Bankruptcy- it’s not a dirty word
Individuals may file for bankruptcy in a Federal Court under Chapter 7 (“liquidation bankruptcy”). Filing for Bankruptcy does not mean that you are left penniless afterwards. The Bankruptcy code is intended to give the honest debtor a fresh start and does so by allowing the debtor to keep certain property as being exempt, and thus retained by the debtor after the discharge.
In a Chapter 7 bankruptcy, the individual is allowed to keep certain exempt property. The exemptions vary by state but in both Pennsylvania and New Jersey you can opt for the Federal Exemptions which currently allow you to keep the following:
-Homestead Exemption: $21,625 of equity in your home/ per debtor. If you do not own real estate or if you have less than $21,625 in equity, you can use $10,825 of any unused portion of your homestead towards any other property
-Wildcard Exemption: $1,150 of any property
-$3,450 of equity for your motor vehicle
-$1,450 for jewelry
-$11,525 aggregate value ($550 per individual item) on household goods, furnishings and appliances, clothes, books, animals, crops, or musical instruments
-$2,175 for tools of trade including implements and books
-Life insurance policies that have not matured except credit life insurance, and
-$11,525 in loan value of life insurance policy.
-Varying amounts in retirement plans, depending on the type, but usually unlimited amount.
-Domestic maintenance such as alimony or child support reasonably necessary for your support.
-Life insurance payments that you need for support under policy of someone you were a dependent of.
-Social security, unemployment benefits and compensation, veteran’s benefits, public assistance, and disability or illness benefits.
-$21,625 for personal injury except pain and suffering or pecuniary loss
award for loss of future earnings needed for support
-recovery for wrongful death of person you were a dependent of needed for support, and
-compensation received for being a crime victim.
In certain cases a debtor may wish to use the individual state’s exemptions, which are not as generous but may allow a debtor to retain all property held (titled) by husband and wife jointly, regardless of equity or value. Our bankruptcy attorneys will be glad to look at your individual situation and determine which exemptions will help you preserve the most property after the discharge.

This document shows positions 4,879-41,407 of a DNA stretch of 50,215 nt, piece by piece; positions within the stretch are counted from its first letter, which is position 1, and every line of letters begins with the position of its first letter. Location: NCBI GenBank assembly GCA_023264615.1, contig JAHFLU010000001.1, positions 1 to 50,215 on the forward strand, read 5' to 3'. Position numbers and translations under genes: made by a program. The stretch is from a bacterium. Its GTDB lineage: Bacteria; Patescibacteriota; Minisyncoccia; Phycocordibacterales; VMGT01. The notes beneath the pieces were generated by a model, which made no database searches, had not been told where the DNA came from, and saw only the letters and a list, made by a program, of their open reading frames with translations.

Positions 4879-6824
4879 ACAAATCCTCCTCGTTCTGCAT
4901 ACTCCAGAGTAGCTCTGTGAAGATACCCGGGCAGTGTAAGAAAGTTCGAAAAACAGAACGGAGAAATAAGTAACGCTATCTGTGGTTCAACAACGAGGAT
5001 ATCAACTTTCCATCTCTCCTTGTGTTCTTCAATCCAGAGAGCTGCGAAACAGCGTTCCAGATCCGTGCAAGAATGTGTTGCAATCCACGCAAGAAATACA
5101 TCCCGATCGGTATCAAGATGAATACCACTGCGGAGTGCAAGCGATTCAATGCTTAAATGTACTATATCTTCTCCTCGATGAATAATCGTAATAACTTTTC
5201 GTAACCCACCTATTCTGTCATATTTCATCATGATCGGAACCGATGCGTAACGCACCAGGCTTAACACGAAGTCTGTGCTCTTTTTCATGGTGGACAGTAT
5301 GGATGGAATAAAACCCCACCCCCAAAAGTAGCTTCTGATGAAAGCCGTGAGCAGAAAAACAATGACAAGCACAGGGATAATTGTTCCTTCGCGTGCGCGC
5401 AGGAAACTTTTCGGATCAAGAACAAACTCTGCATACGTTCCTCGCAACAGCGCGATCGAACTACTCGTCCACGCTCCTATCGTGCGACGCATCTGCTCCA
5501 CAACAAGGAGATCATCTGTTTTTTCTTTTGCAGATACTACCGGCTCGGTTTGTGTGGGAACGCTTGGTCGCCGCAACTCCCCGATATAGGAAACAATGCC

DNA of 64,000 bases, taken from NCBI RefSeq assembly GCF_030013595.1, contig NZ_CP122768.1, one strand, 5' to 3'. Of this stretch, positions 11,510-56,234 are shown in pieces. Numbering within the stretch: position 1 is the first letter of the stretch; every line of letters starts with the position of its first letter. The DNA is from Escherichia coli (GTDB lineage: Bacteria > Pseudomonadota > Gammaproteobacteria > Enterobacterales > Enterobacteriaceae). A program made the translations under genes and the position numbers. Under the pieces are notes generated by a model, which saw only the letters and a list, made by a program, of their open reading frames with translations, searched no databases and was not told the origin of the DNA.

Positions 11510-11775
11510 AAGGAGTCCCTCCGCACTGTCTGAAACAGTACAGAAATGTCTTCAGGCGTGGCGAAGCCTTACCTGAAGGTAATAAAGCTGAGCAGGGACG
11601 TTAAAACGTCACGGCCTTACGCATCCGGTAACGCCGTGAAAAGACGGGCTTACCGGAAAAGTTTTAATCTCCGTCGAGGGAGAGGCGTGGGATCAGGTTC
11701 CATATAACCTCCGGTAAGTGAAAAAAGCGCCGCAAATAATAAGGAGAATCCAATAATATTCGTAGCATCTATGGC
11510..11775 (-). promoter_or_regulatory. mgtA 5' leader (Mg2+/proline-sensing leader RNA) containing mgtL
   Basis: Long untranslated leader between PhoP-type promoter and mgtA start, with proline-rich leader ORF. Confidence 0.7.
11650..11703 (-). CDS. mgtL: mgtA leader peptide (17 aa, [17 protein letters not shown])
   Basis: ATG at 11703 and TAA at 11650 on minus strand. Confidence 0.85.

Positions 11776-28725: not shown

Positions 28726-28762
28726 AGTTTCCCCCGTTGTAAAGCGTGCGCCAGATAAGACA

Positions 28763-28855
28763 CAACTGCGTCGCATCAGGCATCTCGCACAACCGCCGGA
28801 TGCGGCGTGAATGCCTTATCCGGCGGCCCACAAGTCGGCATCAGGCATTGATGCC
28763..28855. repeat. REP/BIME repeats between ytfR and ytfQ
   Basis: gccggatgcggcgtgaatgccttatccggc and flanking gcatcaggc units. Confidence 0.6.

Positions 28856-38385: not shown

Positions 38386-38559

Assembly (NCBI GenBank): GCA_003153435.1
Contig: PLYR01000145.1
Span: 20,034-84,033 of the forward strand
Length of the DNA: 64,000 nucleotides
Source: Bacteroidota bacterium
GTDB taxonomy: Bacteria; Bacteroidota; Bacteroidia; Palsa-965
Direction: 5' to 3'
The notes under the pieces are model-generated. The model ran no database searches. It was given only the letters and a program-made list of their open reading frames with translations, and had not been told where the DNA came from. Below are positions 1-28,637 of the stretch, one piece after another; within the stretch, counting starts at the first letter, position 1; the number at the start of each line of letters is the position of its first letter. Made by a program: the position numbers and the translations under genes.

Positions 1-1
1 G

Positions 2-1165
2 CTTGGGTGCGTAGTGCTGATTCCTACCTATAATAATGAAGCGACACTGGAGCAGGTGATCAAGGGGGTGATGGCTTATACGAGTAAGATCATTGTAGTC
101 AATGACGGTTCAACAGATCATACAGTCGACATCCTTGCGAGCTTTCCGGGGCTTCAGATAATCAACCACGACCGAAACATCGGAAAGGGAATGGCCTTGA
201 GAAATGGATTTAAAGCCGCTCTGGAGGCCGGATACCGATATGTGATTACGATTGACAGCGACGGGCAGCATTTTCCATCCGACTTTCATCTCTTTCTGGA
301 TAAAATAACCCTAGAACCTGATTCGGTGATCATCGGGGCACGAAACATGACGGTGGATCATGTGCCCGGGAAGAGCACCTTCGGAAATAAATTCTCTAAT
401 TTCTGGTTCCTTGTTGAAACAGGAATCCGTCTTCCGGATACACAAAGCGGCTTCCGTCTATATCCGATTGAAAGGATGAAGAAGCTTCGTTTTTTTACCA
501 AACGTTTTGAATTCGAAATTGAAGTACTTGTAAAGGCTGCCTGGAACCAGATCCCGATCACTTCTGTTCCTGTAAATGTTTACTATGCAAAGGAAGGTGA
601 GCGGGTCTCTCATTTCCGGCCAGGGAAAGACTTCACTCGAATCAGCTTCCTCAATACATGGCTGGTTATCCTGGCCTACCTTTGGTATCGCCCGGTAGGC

Although you are relieved from further obligation to pay them, most liens, however (such as real estate mortgages and security interests for car loans), survive and the creditor can recover the collateral (home or car) should you fail to make payments after your automatic stay is lifted.
The benefits to filing bankruptcy are obvious. Many types of unsecured debt are legally discharged (written off)by the bankruptcy proceeding, but there are various types of debt that are not discharged in a Chapter 7. Common exceptions to discharge include child support, income taxes less than 3 years old and property taxes, student loans (unless the debtor prevails in a difficult-to-win adversary proceeding brought to determine the dischargeability of the student loan), and fines and restitution imposed by a court for any crimes committed by the debtor. Spousal support is likewise not covered by a bankruptcy filing nor are property settlements through divorce.
If you are wondering how long the Bankruptcy will stay on your record, the amount of time varies. A chapter 7 bankruptcy stays on an individual’s credit report for 10 years from the date of filing the chapter 7 petition. This however does not mean that for the next 10 years you will be unable to obtain any credit. Most debtors in fact start receiving offers for credit cards soon after filing their petition. What it does mean is that there may be less credit available and/or terms less favorable, although high debt can have the same effect. Often times, creditors will consider a Bankrupt debtor a better credit risk post bankruptcy than pre-bankruptcy because the removal of actual debt from the filer’s record by the bankruptcy tends to improve creditworthiness. Also, since new credit extended post-petition is not covered by the discharge, creditors may be more willing to offer new credit to the newly-bankrupt.
Many people wonder if they are eligible to file a Chapter 7 Bankruptcy. In fact in 2005 congress made it more difficult to file for Chapter 7 by creating a formal means test for Chapter 7. The Bankruptcy Abuse Prevention and Consumer Protection Act of 2005’s means test is based on each individual states’ median income and we will be glad to discuss if your current income allows you to qualify.